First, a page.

The President of the United States called the American auto industry to service in his 2007 State of the Union Address. And the Detroit car companies basically said "no." As a resident of Michigan the response is disappointing to the point of embarrassment.
Set aside the increasingly popular idea - in the Great Lakes and across the country - that alternative energy innovation presents a real opportunity to generate jobs, diversify and grow the economy, and achieve more sustainable development. Set aside the idea that Michigan - building on the innovative prowess of the auto industry - strives to become a global leader of transportation technology.
The war in Iraq is costing the nation thousands of soldier's lives and hundreds of billions of dollars. And one of the most significant policy proposals President Bush introduced to fight terrorism in his recent speech wasn't ramping up troop levels in the Middle East. It was setting a long-term strategy to promote modern energy sources, kick America's dependence on foreign oil, and cut off the steady flow of U.S. oil dollars funding the enemy.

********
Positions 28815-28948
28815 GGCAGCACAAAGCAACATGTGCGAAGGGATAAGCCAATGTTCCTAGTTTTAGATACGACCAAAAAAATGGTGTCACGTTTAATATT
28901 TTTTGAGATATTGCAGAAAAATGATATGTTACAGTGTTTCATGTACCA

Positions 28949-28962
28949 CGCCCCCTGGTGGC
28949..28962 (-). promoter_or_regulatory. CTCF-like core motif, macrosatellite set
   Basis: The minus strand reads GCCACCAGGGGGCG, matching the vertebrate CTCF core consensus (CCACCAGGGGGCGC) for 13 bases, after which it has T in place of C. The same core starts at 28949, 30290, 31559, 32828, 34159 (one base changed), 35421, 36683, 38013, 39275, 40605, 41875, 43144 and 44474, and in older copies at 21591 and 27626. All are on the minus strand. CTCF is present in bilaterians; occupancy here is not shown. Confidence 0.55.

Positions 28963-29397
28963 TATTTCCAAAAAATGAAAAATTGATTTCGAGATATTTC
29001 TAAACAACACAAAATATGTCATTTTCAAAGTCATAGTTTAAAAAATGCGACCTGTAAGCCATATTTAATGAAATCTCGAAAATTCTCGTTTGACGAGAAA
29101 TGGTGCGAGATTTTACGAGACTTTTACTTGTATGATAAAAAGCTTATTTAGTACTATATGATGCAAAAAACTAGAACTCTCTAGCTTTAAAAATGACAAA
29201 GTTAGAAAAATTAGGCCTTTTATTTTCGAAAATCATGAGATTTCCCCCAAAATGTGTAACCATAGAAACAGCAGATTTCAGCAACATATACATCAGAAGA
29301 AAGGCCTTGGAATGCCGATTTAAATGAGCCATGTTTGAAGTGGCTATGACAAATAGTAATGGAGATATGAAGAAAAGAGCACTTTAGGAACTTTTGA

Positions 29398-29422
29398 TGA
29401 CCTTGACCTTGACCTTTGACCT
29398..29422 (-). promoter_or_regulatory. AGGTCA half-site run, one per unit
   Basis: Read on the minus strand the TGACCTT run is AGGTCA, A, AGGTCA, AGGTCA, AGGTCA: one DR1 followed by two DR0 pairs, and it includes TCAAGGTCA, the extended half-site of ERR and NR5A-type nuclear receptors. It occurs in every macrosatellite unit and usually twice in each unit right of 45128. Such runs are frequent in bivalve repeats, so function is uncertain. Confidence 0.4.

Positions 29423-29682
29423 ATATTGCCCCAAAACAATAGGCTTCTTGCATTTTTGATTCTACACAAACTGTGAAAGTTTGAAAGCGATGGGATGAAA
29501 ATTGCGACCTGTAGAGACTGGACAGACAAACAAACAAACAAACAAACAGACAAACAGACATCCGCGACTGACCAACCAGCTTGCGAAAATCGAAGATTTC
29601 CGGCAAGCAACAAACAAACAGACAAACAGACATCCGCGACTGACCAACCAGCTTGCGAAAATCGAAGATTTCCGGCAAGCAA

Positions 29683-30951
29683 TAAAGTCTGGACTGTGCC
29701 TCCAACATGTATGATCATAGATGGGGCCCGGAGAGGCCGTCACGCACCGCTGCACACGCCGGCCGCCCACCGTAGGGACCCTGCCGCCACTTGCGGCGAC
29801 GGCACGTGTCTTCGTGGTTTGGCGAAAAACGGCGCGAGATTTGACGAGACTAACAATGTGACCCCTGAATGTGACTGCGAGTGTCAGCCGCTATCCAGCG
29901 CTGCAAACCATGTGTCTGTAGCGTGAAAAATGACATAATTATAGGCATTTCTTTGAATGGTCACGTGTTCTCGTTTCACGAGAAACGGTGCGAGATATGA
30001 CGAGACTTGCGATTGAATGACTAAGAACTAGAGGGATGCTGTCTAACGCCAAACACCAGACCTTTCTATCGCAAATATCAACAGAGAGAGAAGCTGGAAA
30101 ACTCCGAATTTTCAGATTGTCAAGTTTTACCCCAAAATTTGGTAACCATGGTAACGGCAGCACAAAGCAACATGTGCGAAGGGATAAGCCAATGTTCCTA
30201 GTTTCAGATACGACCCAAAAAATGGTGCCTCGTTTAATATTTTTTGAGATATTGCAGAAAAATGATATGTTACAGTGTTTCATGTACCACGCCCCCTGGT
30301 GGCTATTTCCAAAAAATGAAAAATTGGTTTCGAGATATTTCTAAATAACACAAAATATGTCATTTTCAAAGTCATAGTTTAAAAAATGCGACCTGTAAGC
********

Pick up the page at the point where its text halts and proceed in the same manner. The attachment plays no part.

And the auto industry says ramping up fuel efficiency will cost too much, kill jobs, and stifle their corporate turnarounds? Henry Ford retooled entire factories to help win a world war! Who's side is modern day Ford, GM, and Chrysler on?
Congressman John Dingell, a Democrat, requested White House documents justifying the proposed fuel efficiency standards that would help the nation achieve a 20 percent reduction gasoline consumption in 10 years. "Please delineate any fuel saving technologies that were identified to justify a 4 percent annual increase [in fuel efficiency] for both passenger cars and trucks," the congressman asked.
Meanwhile, U.S. Representative Joe Knollenberg, a Republican, took to the editorial page of the Detroit News saying the new fuel standards "risk destroying the Big Three."
Without a doubt, the American auto industry is going through intense and wrenching change. And if President Bush was truly serious about fuel conservation he'd raise the gas tax. But aggressively pursuing new and more effective ways to power cars is not only in Detroit's long term interests, it's increasingly critical to the security of the nation.